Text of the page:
This blog has gotten very lengthy so I’ll save high school for another time.


Musical Beginnings

Somehow, I started the fifth grade with the thoughts of beginning band.  I was somewhat athletic in the summer sports, but never felt compelled to be on a school team. I did not have a very good self esteem when it came to trying out for sports teams.  Yet, I felt like I could play music of some kind.  After all, I had grown up hearing my dad’s band, “Richard Davis and the Country Classics.”  My grandfather on my mom’s side played guitar, mandolin, and banjo.  My dad’s brothers played bass and guitar.  My uncle Ronnie was an exceptional picker.

Beginning band was awkward as I remember it.  They basically sat us down and asked us what we were interested in playing.  My first choice was drums, but I had determined that if they did not allow me to play drums, I’d try the trumpet.  If I remember correctly, we all had the opportunity to try any instrument we wanted to.  The teacher said that they really had enough drummers and asked if I’d try trumpet.  I told her that my first choice was drums and without any argument, she said that was ok.

I don’t know what it is about drummers and band directors, but when they get together (and the band director was not a former drummer) they mix like oil and water.  I learned very young that the drummers were, many times, left to themselves to learn due to the inability of the directors to put up with the “crazies” in the back.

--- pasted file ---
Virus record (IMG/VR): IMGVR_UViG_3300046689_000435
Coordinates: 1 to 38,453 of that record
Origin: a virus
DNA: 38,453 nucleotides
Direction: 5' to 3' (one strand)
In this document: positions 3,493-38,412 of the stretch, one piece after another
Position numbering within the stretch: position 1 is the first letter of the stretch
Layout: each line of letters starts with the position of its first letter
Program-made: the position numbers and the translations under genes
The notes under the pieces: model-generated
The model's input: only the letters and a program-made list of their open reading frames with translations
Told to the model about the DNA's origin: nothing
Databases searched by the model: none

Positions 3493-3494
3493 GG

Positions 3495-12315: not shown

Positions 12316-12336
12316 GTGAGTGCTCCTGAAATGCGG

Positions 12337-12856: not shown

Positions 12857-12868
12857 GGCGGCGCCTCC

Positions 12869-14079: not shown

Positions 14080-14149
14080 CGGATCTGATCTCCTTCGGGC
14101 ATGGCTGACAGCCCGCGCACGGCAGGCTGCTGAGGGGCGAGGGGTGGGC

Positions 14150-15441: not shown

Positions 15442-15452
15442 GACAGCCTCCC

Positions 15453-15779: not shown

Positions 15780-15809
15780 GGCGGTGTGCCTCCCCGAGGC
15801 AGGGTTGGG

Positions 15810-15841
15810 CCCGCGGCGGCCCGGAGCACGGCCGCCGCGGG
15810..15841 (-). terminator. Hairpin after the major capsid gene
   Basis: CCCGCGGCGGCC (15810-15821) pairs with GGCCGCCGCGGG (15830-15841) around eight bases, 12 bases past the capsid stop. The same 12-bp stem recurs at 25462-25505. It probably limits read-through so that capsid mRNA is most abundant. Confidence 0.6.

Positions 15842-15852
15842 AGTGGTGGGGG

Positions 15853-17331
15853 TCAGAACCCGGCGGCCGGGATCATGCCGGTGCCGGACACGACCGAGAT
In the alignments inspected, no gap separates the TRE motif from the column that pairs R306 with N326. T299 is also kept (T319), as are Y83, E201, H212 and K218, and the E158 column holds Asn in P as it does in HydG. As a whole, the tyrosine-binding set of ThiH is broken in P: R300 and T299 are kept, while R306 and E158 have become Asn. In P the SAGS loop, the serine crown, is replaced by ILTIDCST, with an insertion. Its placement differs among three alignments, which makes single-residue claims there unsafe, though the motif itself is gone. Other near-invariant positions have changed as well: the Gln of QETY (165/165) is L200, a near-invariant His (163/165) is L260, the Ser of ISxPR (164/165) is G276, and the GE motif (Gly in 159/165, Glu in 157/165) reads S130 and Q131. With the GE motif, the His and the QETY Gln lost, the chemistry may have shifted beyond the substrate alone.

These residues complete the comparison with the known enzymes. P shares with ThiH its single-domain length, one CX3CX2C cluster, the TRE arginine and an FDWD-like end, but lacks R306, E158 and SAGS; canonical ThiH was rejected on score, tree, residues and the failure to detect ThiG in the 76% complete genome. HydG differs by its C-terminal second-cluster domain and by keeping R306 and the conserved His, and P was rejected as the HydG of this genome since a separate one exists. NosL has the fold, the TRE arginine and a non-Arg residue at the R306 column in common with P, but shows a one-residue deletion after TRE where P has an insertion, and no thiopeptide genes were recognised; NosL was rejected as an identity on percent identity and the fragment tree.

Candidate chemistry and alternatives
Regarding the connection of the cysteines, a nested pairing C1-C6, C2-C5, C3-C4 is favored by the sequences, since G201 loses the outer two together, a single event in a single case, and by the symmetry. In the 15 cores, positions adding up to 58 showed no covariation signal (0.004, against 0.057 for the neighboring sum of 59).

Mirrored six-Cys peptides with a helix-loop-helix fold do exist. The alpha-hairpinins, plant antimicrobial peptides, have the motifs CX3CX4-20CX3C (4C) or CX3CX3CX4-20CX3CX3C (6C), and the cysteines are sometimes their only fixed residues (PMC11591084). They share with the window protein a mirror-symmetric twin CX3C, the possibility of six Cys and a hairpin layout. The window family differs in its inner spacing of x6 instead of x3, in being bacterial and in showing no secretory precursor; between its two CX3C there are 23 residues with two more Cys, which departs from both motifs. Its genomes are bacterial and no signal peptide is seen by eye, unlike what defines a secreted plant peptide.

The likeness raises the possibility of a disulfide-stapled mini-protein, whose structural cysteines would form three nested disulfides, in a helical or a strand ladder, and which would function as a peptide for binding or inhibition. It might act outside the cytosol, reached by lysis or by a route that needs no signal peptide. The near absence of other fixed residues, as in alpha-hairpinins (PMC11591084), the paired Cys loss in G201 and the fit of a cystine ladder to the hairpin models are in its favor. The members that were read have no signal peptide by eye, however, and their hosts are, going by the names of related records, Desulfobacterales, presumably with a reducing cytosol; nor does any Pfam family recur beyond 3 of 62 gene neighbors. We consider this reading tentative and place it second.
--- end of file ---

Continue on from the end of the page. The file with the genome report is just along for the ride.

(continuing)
But learn we did.  When I reached high school, I learned just how much I didn’t know.  When the music was issued for the marching band cadence, I had not a clue!  We met usually two weeks before the band did and started working on marching and music.  Our section leaders did the teaching–not the band director.  We would march and play so much that by sheer repetition, we memorized the cadence.  When the band got there two weeks later, we were ready to play.

I’m so thankful for those days.  They were the basis for a huge part of my life.  I go back there often in my memory.  I will write more later on musical parts of my life.